Beltre's Numbers

It's almost too much to comprehend: a potentially explosive Mariner offense.

Ask kids to name their fave third baseman and most of them, especially the less knowledgeable ones ages 30 and older, probably would say A-Rod, who, playing the hot corner for the first time in 2004, compiled the following: 36 home runs, 106 runs batted in, and a batting average of .286; he committed 13 errors. Alex Rodriguez is 29. By just about any account, he's in his athletic prime.

Keep the above numbers in mind, because now we're going to look at what the greatest Hall of Fame third basemen did during the seasons they each turned 25, which is Adrian Beltre's age. Mike Schmidt's numbers: 36, 116, .282, 26. George Brett: 9, 62, .294, 16. Brooks Robinson: 23, 86, .303, 11.

Got all of the above crunched and digested? Last season, new Seattle Mariner Beltre, playing for the Dodgers, had 48 home runs, and 121 RBIs, hit .334, and made just 10 errors. Beltre's 2004 numbers also are better than any single-year record compiled by Schmidt, Brett, or Robinson. The year Schmidt muscled 48 home runs, he also hit just .286 and had 27 errors. Brett? The year he hit .390, he also had just 24 home runs and 118 RBIs, with 17 errors.Robinson never had more than 28 home runs or 118 RBIs, or fewer than 11 full-season errors.

Dunno about you, but this is getting a little number-numbing for me. Oh yeah, and Beltre didn't even win the Most Valuable Player award last season. Maybe he will for the 2005 M's.

The Beltre arrival, of course, constitutes the greatest potential for local impact since 2001, which ushered in the seismic tandem of Ichiro Suzuki and the Nisqually earthquake. By the way, I take full credit for Beltre being here. This is because, last Nov. 1, I sat on a barstool nursing my traditional longneck of buttermilk lite and applied my patented anti-jinx, stating with great authority: "The Mariners will never sign anybody as great as Adrian Beltre."

Naturally, on Dec. 17, they did just that. It came during a flurry of activity that also manifested the Bunyan-esque first baseman Richie Sexson (he homered his first at bat in the initial practice game March 2 in Peoria, Ariz., when Beltre also had a long ball). It means that the M's merely have to worry about whether any of their three-dozen prospects for 11 or 12 pitching spots can keep opposing teams in single digits, because Beltre, Sexson, Ichiro, et al., ought to be good for football-like run production.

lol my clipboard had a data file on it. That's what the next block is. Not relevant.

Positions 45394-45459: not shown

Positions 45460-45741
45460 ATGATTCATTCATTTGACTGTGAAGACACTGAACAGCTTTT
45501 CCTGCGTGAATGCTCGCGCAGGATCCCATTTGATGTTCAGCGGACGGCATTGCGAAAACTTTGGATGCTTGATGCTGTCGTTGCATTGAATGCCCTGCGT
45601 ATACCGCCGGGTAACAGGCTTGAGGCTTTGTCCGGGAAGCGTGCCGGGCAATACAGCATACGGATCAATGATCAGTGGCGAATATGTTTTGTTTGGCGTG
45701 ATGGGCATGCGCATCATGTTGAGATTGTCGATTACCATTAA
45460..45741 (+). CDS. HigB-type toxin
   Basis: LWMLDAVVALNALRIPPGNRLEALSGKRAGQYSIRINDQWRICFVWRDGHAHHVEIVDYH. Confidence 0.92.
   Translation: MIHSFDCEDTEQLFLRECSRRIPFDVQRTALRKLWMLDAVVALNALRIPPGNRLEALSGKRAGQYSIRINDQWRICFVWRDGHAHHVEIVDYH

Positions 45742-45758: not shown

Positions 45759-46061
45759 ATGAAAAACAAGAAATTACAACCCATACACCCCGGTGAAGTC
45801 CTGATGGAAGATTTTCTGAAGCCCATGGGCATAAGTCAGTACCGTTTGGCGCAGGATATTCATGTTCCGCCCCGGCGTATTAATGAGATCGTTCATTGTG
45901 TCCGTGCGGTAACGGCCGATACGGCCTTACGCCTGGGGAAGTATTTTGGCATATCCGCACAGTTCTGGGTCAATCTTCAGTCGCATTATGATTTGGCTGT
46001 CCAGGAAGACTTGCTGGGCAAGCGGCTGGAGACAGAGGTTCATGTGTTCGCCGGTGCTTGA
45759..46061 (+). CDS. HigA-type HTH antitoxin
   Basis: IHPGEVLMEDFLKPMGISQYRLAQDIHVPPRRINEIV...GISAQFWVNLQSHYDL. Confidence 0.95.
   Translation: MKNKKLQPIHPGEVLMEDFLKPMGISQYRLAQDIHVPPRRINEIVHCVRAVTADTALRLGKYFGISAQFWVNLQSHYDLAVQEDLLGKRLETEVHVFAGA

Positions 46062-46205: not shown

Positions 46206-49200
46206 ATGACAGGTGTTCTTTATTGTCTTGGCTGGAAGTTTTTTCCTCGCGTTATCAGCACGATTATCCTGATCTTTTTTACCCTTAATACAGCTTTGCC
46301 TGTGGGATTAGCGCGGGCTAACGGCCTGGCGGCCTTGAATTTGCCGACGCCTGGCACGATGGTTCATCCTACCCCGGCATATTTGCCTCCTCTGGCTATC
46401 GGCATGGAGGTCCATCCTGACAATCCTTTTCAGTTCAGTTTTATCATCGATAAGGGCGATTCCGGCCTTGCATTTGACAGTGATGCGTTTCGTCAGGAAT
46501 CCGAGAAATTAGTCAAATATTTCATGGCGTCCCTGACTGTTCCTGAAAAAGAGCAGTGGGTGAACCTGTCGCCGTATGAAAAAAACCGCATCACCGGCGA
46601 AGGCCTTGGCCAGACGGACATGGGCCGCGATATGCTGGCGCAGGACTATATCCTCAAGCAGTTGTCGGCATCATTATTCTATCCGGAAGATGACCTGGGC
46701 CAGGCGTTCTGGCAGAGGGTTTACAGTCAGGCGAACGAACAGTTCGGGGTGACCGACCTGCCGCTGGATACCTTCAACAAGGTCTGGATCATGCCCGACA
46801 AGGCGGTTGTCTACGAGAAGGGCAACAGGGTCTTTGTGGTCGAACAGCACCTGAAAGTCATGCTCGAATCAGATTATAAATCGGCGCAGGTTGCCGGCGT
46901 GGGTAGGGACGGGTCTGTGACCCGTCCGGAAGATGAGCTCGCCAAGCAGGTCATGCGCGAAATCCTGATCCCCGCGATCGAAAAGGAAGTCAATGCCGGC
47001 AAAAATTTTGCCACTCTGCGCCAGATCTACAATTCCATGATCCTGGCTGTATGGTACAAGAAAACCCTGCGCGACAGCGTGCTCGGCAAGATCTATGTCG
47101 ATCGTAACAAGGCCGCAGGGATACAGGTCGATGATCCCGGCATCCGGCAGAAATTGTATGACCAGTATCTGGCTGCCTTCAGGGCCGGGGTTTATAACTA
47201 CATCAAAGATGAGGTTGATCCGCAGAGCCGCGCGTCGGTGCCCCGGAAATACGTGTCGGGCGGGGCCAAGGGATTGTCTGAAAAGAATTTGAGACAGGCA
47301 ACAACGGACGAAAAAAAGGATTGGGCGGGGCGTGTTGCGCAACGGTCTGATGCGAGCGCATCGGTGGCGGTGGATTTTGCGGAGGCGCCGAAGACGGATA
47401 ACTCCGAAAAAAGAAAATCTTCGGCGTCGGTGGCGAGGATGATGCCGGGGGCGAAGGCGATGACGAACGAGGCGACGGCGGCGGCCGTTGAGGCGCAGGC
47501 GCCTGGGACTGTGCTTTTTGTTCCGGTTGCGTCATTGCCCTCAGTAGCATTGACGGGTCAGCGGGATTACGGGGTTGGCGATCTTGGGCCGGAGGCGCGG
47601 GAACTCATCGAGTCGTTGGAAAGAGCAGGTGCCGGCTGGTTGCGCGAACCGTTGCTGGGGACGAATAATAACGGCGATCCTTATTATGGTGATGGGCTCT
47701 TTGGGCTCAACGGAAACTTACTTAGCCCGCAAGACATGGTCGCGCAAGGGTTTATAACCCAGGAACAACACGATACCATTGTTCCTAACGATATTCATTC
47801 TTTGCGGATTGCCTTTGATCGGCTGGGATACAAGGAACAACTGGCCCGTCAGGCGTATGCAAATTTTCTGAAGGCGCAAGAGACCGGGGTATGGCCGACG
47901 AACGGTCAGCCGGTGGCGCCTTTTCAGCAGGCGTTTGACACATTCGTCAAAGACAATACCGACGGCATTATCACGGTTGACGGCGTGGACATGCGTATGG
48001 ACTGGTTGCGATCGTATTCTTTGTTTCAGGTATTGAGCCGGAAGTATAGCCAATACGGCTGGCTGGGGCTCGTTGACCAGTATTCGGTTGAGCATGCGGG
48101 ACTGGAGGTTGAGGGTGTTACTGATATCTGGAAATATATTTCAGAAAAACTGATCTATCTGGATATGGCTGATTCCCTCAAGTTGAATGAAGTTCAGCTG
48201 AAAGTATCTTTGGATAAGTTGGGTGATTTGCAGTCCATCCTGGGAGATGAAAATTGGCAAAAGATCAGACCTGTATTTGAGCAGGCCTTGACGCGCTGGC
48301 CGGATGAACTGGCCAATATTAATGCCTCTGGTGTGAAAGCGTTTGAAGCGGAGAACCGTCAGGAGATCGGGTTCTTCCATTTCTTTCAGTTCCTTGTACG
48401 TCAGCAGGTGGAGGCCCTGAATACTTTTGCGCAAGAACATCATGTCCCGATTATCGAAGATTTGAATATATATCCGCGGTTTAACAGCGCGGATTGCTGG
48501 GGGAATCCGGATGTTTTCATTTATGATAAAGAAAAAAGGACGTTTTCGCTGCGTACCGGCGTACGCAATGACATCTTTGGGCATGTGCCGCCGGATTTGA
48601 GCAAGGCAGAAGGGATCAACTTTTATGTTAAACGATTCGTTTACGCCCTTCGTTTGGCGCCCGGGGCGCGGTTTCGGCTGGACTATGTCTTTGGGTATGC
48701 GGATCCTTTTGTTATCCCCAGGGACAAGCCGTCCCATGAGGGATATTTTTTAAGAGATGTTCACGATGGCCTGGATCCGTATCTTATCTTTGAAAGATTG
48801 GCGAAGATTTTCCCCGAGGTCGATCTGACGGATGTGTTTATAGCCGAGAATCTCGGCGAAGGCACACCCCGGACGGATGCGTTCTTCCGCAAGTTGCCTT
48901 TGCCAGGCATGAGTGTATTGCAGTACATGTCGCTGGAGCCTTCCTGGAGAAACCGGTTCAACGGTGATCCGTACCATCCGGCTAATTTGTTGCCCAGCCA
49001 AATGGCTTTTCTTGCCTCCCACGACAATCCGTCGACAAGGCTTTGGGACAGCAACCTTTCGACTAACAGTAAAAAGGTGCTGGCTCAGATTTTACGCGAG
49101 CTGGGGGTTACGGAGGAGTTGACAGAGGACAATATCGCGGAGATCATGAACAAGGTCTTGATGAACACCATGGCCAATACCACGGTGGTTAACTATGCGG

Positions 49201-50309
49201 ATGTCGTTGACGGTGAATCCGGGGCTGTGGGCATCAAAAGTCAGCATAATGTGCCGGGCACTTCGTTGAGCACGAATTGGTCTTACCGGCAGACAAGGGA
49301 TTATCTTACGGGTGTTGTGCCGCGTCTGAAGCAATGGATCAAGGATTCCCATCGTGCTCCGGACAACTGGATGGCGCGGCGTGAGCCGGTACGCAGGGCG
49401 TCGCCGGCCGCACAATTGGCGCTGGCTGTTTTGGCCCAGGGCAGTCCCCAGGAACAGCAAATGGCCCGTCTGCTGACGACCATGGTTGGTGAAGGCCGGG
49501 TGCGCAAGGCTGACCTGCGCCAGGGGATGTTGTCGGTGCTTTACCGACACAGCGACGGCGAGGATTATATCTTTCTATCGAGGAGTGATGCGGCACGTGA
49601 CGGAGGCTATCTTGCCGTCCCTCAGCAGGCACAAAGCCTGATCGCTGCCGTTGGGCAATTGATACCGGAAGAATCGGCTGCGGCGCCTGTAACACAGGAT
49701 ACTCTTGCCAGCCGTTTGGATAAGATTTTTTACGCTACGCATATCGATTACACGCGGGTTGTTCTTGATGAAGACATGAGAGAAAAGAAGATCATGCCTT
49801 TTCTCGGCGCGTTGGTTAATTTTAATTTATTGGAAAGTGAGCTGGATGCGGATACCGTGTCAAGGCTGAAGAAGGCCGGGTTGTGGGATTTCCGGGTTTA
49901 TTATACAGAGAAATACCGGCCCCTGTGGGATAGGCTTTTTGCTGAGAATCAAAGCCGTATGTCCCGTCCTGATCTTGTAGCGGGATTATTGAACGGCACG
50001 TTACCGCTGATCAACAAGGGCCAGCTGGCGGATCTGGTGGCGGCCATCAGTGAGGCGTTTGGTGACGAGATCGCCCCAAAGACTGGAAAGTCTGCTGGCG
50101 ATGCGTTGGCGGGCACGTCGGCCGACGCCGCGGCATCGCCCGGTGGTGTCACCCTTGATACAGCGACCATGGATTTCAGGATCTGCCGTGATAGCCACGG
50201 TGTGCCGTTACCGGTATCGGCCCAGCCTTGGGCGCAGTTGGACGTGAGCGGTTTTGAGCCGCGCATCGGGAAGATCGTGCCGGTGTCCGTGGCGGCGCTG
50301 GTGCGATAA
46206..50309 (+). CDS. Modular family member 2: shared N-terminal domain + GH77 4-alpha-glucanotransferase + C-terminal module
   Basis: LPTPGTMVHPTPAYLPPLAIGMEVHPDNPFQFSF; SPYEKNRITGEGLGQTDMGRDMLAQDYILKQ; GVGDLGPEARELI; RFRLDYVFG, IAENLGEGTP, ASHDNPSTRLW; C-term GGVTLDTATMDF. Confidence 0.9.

The "everyday" lineup promises Ichiro (right field), Randy Winn (left field), Bret Boone (second base), Sexson (first base), Beltre (third base), Raul Ibanez (designated hitter), Jeremy Reed (center field), a catcher, and a shortstop. New Manager Mike Hargrove probably has exaggerated in claiming to have toyed with hundreds of alternatives to the above. He needs, though, to be flexible as the team competes in Arizona spring ball, because the M's still have hungry hopefuls in training camp who are leftovers from last season's summer version of protracted spring training. It will be hard for all but the above to make this club.

Let's just say, then, that offense seems at least a lesser problem than last year; same for the defense, which should make fans forget when Rich Aurilia muffed one in the first inning of the home opener and set the slapstick tone for the season. It means that the mound staff, as usual, will decide whether the M's (opening April 4 against the Twins) can win their division against a suddenly pitching-diminished Oakland, as well as Texas and Anaheim clubs with their own unknowns.

Well, pass me that stubby of diet buttermilk, and I'll tell you not to worry about pitching. Why? Joel Pineiro and Gil Meche will be healthy and fully mature right-handed starters. Bobby Madritch will return as the dominant left-hander he appeared to be a few times last year. "Everyday" Eddie Guardado might not pitch often, but the recovered closer should be able to. Add to the staff veterans Jamie Moyer and Jeff Nelson, Ryan "No Run Support" Franklin, and a few other reliable vets, and all you need to do is wait for midseason.

That's when Felix Hernandez, said to be the greatest young right-hander since Bob Feller, will have gone 8-0 for Tacoma. It's when Rafael Soriano will have shown he's recovered from Tommy John surgery and can handle long relief.

If all goes well, then, this is an M's contingent that could (it's a "C-O-U-L-D" the size of those letters in the Hollywood Hills) actually win the 99 games they lost last year A-N-D get to the World Series—or not.

Will Beltre equal what he put up in '04? OK, maybe he won't, but here's a thought: What if Beltre only gets better? Jeez, if he gets much better, fans might even have to think of him as worthy company for Mike Schmidt, George Brett, Brooks Robinson, or—gasp!—Alex Rodriguez.

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